HSBC could still leave UK despite bank levy tax changes

hsbc tower

The bank will make a decision on its domicile by the end of the year, chairman Douglas Flint reaffirmed, after announcing the review in April.

The Telegraph reports that one factor pushing the bank to consider moving is the bank levy, a British tax introduced in 2010 that targets UK-based banks’ global balance sheets. As a highly globalised bank, this hit HSBC harder than any of its rivals.

In last month’s emergency budget Chancellor George Osborne said he would cut back the levy and introduce an 8 per cent corporation tax surcharge on UK profits instead – a move aimed at encouraging HSBC to stay.

“The UK’s made some changes to the tax framework which we think are positive to the structure of taxing banks in the UK,” said Mr Flint. But he warned that while the change “comes into the mix, it is not determinative”.

Group finance director Iain Mackay said: “There was obviously a very welcome change in the rate as applied to bank levy, which kicks in next year, which is helpful. [But with the] corporate rate, the 8pc surcharge, the effect of those two items together is effectively neutral until 2020.”

They were speaking as HSBC announced the sale of its Brazilian business alongside a surprisingly strong 10 per cent rise in half-year profits to $13.6bn (£8.7bn).

The bank said Banco Bradesco would buy its Brazilian operations for $5.2bn, a higher sum than expected and equivalent to 1.8 times the book value. The sale is part of HSBC’s withdrawal from several markets where the bank has not performed as well as hoped, with a sale of its Turkish assets still in progress.

Brazil is a major part of HSBC’s Latin American operations, generating about half of the bank’s $2.25bn net income in the region, and $191m in pre-tax profits. The bank will keep a “modest” corporate banking operation in the country after the sale.

HSBC’s profits were held back in the first-half by an additional $1.5bn of provisions for misconduct, including an extra $1.3bn for upcoming foreign exchange settlements. HSBC is being investigated by authorities in countries including the US, Brazil and South Korea, as well as the EU.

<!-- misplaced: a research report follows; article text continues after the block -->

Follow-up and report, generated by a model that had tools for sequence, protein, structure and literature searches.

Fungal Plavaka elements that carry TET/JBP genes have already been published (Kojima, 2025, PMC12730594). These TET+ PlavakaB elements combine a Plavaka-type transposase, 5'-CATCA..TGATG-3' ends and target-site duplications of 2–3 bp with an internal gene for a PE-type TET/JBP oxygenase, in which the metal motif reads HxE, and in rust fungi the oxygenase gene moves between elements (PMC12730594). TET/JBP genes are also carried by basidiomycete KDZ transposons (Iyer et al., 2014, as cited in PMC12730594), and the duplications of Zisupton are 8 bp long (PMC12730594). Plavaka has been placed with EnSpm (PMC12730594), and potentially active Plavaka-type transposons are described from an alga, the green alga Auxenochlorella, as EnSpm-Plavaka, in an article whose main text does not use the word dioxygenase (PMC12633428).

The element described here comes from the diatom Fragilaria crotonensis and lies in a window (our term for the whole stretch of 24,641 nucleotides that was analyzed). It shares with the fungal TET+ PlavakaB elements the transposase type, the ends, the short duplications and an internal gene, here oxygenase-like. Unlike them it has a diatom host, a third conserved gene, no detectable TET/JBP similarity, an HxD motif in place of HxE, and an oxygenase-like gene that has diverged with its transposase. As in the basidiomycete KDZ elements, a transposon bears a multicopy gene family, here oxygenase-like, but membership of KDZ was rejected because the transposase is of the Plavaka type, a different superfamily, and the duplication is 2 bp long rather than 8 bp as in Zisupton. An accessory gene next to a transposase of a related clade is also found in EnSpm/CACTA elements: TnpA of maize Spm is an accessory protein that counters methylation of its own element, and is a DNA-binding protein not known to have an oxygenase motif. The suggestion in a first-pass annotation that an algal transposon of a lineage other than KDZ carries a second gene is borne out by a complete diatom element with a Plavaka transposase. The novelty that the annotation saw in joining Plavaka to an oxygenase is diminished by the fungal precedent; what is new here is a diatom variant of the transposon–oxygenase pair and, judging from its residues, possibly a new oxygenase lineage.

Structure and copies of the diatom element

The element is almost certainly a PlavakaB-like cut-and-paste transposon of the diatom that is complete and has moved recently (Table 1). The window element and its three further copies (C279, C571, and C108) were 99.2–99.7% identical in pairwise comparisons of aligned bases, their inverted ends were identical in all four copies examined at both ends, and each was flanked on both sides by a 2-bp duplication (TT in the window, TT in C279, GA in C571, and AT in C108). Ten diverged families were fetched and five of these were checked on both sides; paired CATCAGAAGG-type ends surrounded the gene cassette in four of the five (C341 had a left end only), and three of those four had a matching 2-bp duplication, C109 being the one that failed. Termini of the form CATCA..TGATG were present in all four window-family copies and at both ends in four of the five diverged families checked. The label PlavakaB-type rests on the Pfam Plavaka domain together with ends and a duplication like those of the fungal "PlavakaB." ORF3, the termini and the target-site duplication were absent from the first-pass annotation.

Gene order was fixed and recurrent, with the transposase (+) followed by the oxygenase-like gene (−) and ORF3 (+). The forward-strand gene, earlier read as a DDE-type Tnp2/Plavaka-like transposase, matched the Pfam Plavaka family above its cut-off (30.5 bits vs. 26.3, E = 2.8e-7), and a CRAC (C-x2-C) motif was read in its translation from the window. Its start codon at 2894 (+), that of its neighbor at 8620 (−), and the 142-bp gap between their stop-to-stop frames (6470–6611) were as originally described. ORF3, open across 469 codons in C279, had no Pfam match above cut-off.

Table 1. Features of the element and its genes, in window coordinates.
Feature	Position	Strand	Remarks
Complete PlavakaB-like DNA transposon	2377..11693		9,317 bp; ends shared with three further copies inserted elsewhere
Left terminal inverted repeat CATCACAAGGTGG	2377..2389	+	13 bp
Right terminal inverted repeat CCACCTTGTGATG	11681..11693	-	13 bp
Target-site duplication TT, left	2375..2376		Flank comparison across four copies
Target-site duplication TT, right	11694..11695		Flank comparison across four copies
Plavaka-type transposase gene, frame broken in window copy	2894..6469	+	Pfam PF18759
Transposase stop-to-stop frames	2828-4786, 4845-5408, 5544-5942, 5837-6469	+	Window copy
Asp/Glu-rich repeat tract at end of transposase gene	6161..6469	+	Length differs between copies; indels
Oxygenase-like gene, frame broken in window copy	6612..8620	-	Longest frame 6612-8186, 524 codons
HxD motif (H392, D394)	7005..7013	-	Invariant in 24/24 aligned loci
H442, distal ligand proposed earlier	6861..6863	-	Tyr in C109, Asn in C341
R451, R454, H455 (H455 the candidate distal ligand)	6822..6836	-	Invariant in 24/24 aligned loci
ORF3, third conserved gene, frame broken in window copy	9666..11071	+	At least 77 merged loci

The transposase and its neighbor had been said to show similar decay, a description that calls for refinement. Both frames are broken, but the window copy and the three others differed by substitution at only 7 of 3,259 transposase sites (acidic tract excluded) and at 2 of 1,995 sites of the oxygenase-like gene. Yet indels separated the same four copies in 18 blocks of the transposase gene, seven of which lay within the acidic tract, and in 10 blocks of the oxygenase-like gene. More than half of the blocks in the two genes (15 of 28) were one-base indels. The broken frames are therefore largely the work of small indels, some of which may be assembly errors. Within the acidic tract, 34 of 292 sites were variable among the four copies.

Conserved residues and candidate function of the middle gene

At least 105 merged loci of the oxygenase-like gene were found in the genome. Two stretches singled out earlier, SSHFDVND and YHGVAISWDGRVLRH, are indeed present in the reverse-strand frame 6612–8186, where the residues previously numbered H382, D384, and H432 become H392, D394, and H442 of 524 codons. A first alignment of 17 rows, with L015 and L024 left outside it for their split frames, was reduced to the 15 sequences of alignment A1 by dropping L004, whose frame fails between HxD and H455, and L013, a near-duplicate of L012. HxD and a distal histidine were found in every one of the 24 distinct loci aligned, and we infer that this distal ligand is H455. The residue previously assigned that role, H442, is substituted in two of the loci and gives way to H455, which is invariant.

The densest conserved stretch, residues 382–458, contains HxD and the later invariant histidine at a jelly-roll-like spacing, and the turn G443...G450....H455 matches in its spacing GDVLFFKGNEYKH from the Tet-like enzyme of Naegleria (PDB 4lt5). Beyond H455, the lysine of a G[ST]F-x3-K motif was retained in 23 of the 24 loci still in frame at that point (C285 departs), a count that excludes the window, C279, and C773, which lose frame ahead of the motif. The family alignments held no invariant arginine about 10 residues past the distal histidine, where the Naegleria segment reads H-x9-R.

It is also facing private and public legal action over claims of manipulation of interest rate benchmarks including Libor, but is as yet unable to estimate the likely cost of the cases.

Other expected legal bills include costs of up to $700m in Brazilian interest rate claims, $3.6bn for securities litigation in the US, $500m related to its US cards business and $800m in claims around the Bernie Madoff fraud. However, the bank stressed that the outcomes of these cases and the related costs were still highly uncertain.

HSBC said its overall profits for the first six months of the year represented a 2 per cent rise, once the positive effect of currency movements and other one-off items were stripped out.

“We have commenced our work to reduce costs and expect to be able to demonstrate tangible progress in the coming quarters,” said Stuart Gulliver, chief executive. “Fulfilling these actions will also entail a number of one-off transformation costs, some of which will be incurred during the second half of 2015.”

The cost-cutting drive will include up to 25,000 job cuts worldwide. A further 22,000 jobs in the UK will be re-assigned to a new employer later this year as the British retail bank is carved out into a separate ring-fenced unit, headquartered in Birmingham. HSBC is planning to rebrand this unit, potentially reviving the old Midland Bank brand or expanding its successful online name First Direct. The unit could also be floated off on the stock market as a separate entity.

Mr Gulliver said the bank was pouring more resources into its Asian business, with half of all its reallocated capital going to the region, and the remainder being spread more thinly around the rest of the world. When the bank cannot find suitable high-return investments, it will return capital to the shareholders, he said.

Revenue in Hong Kong rose by 10 per cent, on strong retail and wealth management performance, helping drive Asian pre-tax profits up 7 per cent to $8bn. As a result Asia makes the vast majority of the group’s global profits, and contrasts sharply with Europe where adjusted pre-tax profits fell 6pc to $2.8bn as regulatory and compliance costs continued to bite.

Global banking and markets, the firm’s investment banking arm, reported pre-tax profits of $4.8bn, a rise of 12 per cent on the same period last year. The result marks a recovery from a rocky end to 2014, when the investment bank posted worse-than-expected losses on loans.

HSBC’s global private bank, which is under investigation for the tax affairs of its Swiss clients, saw profits fall 4 per cent to $321m.

The firm said its common equity tier 1 ratio was 11.6 per cent, up from 11.3 per cent a year ago, as the bank improves its capital base and shrinks its overall size. Total assets fell from $2.75 trillion a year ago to $2.57 trillion.